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Open borders Freedom Ride to nowhere
By W. James Antle III
A busy news cycle filled with stories about Arnold Schwarzenegger, Rush Limbaugh and White House leaks often pushed the Immigrant Workers Freedom Ride to the back pages of the papers, preventing a full discussion of the issues it raised. Emulating the famed 1961 Freedom Rides organized to fight against segregation, bus convoys of activists traveled the country to win sympathy for such causes as amnesty for illegal immigrants. It was also an attempt to recast amnesty and further immigration policy liberalization as the great civil rights struggle of our time while presenting secure borders and effective immigration law enforcement as the new Jim Crow.
It has long been standard operating procedure to dismiss any criticism of current immigration levels, or even illegal immigration, as racism. Certainly, racism does attract some people to the immigration reform movement – there are those who object to high levels of both legal and illegal immigration solely because they dislike the color of the immigrants. But many others raise legitimate, responsible concerns about assimilation, homeland security, the environment, the preservation of a middle-class society and national cohesiveness. It would be a mistake to reject such considerations out of hand and suppress debate through name-calling and the use of politically correct scare words.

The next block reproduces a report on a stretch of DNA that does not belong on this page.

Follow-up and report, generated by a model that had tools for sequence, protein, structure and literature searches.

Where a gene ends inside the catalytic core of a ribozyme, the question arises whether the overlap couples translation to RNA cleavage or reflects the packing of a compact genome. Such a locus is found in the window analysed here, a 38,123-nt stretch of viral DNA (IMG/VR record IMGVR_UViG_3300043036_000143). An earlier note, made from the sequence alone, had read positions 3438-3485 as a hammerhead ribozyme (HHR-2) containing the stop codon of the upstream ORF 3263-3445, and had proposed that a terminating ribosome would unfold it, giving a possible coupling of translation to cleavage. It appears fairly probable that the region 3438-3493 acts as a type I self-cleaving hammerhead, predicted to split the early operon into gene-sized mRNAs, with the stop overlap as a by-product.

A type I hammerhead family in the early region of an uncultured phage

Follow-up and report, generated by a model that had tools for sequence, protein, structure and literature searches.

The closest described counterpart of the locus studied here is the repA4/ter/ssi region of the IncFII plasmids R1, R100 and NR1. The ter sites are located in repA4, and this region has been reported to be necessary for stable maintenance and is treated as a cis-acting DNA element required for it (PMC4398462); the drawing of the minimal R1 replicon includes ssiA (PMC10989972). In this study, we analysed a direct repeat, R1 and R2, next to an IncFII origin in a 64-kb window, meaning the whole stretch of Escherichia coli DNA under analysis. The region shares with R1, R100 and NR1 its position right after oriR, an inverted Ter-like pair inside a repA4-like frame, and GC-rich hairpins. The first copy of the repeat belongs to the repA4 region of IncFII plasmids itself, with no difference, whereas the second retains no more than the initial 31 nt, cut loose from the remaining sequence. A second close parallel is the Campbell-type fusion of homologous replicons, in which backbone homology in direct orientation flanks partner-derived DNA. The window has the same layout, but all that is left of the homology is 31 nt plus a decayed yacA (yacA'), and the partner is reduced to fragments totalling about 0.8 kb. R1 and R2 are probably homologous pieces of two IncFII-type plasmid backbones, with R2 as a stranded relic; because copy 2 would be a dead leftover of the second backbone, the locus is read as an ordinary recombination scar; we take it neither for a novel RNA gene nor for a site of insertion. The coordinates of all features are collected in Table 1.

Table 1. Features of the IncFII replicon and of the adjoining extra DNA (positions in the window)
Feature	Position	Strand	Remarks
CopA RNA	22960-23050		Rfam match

In fact, those who are concerned about racial equality and improved race relations have ample reason to oppose mass legal and illegal immigration. The current system amounts to the importation of cheap, disproportionately minority labor for the benefit of corporations and a disproportionately white upper class in need of domestic service. In the process, many lower-income Americans – also disproportionately minority – find themselves displaced from jobs and their wages reduced.
Consider a recent study by the Chicano Studies Research Center at UCLA. It found that as recent immigrants entered a given occupation's local labor pool, workers on average saw their earnings reduced by 11 percent. Black, Hispanic and other minority American workers earned an average of 14 percent less. Although the researchers attributed this finding to "the devaluation of work performed by low-status groups," a more likely explanation is that an influx of new workers with low skill levels relative to the U.S. labor force at large has collided with the law of supply and demand.
This is consistent with the findings of other studies. The National Research Council, for example, concluded that immigration caused half the real decline in wages for American high school dropouts from 1980 to 1994. Economic analyst Ed Rubenstein, writing in VDARE.com, reported that 36 percent "of the U.S. poverty population is directly attributable to post-1965 mass immigration."